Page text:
Of Selma, Strife, and Self-Aggrandizement

 

 

Obama-Shrinks-2Yesterday was the 50th anniversary of the Civil Rights March across the Bridge at Selma, Alabama, which gained both fame and infamy for those involved, as the marchers were beaten bloody by local law enforcement.

Five decades later, the first black President of the United States of America, Barack Hussein Obama, spoke on the occasion, surrounded by professional race-baiters, both “religious” and secular.

“Look at our history. We are Lewis and Clark and Sacajawea, pioneers who braved the unfamiliar, followed by a stampede of farmers and miners, and entrepreneurs and hucksters. That’s our spirit. That’s who we are.

“We are Sojourner Truth and Fannie Lou Hamer, women who could do as much as any man and then some. And we’re Susan B. Anthony, who shook the system until the law reflected that truth. That is our character.

“We’re the immigrants who stowed away on ships to reach these shores, the huddled masses yearning to breathe free –- Holocaust survivors, Soviet defectors, the Lost Boys of Sudan. We’re the hopeful strivers who cross the Rio Grande because we want our kids to know a better life. That’s how we came to be. (Applause.)

“We’re the slaves who built the White House and the economy of the South. (Applause.) We’re the ranch hands and cowboys who opened up the West, and countless laborers who laid rail, and raised skyscrapers, and organized for workers’ rights.

“We’re the fresh-faced GIs who fought to liberate a continent. And we’re the Tuskeegee Airmen, and the Navajo code-talkers, and the Japanese Americans who fought for this country even as their own liberty had been denied.

“We’re the firefighters who rushed into those buildings on 9/11, the volunteers who signed up to fight in Afghanistan and Iraq. We’re the gay Americans whose blood ran in the streets of San Francisco and New York, just as blood ran down this bridge. (Applause.)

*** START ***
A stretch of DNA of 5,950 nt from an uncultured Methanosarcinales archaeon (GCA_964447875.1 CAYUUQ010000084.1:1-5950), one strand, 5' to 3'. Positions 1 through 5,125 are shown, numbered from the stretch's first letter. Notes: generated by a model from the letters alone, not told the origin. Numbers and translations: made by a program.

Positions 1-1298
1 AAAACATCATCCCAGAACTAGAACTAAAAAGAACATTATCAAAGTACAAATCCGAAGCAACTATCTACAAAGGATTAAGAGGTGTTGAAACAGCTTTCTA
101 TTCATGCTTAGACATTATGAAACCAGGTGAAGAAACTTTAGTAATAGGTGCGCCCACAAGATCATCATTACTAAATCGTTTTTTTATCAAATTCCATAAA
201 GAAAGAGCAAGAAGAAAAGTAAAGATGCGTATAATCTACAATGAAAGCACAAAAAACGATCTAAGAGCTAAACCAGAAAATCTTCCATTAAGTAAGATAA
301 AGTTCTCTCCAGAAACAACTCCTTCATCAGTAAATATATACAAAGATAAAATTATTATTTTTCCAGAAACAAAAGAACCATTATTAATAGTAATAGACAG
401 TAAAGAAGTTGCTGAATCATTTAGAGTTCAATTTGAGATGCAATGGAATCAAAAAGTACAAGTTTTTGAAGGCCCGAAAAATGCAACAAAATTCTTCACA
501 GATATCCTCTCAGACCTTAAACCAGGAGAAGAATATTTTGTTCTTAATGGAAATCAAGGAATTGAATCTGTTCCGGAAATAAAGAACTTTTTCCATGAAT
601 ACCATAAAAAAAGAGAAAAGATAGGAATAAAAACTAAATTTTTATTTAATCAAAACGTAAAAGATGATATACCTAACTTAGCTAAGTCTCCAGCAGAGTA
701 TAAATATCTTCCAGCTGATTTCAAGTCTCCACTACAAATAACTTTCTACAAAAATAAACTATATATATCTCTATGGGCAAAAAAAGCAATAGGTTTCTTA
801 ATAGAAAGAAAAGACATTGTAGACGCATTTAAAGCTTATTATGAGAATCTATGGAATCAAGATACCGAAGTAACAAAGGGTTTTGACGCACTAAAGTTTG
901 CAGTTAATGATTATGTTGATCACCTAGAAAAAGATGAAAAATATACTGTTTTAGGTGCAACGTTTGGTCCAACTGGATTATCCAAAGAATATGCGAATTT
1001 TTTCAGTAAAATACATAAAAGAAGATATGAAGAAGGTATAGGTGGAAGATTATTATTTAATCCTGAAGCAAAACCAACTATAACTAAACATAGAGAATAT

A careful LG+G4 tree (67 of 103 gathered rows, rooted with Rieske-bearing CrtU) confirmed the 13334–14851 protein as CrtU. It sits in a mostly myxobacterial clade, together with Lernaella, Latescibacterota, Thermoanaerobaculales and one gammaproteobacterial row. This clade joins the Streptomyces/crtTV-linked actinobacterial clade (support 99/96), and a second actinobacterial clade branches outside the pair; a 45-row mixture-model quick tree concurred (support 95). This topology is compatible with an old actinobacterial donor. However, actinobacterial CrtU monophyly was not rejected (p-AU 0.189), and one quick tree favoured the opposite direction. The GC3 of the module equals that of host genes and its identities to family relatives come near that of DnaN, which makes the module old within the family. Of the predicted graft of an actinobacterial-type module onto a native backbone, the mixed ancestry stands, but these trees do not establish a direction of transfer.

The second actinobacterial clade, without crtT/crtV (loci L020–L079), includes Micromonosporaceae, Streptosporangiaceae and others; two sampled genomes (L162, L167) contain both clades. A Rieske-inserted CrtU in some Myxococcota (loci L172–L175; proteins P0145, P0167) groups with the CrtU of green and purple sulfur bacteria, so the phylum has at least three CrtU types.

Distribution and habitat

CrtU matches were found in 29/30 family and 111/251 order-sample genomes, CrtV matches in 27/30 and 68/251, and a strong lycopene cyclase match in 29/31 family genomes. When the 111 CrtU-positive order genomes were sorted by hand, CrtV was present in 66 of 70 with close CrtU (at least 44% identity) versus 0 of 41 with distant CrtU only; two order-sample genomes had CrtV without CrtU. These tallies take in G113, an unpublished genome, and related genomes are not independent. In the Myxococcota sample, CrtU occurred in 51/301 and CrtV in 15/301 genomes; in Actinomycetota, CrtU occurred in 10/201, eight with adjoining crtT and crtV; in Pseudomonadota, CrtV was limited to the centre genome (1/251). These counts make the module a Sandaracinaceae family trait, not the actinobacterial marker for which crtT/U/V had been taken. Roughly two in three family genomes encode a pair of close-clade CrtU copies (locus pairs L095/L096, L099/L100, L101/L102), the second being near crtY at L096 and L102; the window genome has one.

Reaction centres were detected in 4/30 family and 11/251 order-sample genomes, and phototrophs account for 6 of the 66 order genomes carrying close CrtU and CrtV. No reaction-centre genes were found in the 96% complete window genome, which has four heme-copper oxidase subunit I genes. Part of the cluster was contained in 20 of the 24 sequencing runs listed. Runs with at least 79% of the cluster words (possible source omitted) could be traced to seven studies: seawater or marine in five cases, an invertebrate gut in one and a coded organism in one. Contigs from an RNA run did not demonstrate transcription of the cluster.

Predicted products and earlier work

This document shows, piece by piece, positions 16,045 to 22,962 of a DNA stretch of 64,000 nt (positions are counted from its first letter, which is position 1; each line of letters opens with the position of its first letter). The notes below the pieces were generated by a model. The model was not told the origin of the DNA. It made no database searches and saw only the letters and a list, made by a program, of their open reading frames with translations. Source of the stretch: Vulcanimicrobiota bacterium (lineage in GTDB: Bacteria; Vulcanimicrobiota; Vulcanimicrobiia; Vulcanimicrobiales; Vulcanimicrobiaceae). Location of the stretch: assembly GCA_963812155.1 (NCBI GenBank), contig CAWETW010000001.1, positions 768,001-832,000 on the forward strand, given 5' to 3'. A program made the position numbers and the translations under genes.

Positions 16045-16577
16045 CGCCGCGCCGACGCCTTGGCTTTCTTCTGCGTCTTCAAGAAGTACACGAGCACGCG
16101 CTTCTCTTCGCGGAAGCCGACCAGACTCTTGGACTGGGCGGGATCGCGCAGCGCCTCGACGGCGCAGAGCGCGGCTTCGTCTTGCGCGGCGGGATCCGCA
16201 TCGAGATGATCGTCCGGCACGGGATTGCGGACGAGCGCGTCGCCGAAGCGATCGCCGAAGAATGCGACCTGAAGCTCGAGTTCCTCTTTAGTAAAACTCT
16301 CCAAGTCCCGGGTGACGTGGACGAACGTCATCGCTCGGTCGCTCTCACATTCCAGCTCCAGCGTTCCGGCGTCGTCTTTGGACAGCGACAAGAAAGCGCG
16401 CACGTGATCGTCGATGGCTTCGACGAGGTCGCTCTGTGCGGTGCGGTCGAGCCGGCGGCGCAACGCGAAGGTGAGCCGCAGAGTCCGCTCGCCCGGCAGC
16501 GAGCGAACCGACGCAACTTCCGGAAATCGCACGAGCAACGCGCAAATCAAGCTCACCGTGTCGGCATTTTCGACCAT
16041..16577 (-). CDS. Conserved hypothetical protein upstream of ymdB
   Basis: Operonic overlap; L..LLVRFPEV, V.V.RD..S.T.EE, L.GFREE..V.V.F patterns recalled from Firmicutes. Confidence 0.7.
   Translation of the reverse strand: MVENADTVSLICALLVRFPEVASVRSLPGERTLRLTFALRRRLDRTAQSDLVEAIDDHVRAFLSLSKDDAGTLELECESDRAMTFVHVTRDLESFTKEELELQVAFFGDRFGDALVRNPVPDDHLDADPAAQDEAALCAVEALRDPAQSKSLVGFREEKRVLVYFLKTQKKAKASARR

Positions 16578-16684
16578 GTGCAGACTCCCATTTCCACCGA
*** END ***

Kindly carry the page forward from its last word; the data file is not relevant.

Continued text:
“We are storytellers, writers, poets, artists who abhor unfairness, and despise hypocrisy, and give voice to the voiceless, and tell truths that need to be told.

**Courtesy of The Weekly Standard**

A couple of points of order, Mr. President.

1. Would it have hurt your massive ego, your Rhetorical Flourish, and the solemn tone of the day, to have said, “We are the Ones who HELPED ACCOMPLISH SO AND SO”?

2. I’m pretty knowledgeable about US History. I’m darned if I can remember any mass beatings of homosexual Americans, gay folks being hung from trees, or any instances of them having dogs and water hoses turned on them.

There is not comparison between the struggle of black Americans to gain Civil Rights and the campaign by homosexual Americans to gain control of the use of the word “marriage for the purpose of “normalization”.

With the rise of notoriety of Michael Brown and Earl Gardner, and the subsequent feeding frenzy of the Main Stream Media and Professional Race-Baiters, both national and local, under the first Black President, some not-so-surprising facts have come to light:

According to Ben Shapiro’s Truth Revolt

A new poll shows that nearly half of Americans believe race relations have worsened over the course of the presidency of Barack Obama, the first half-black man elected to the White House.The CNN poll found 39 percent believe relations between blacks and whites have gotten worse, not better, since Mr. Obama took office in January 2009. Just 15 percent say relations have improved. In an interesting finding, 45 percent of whites think relations have worsened while just 26 percent of blacks think so.

The survey of 1,000 adults was taken last month, before a Department of Justice report released this week found racial bias in the Ferguson, Mo., police department.

In remarks after the report was released, Obama said the type of racial bias in Ferguson is not isolated.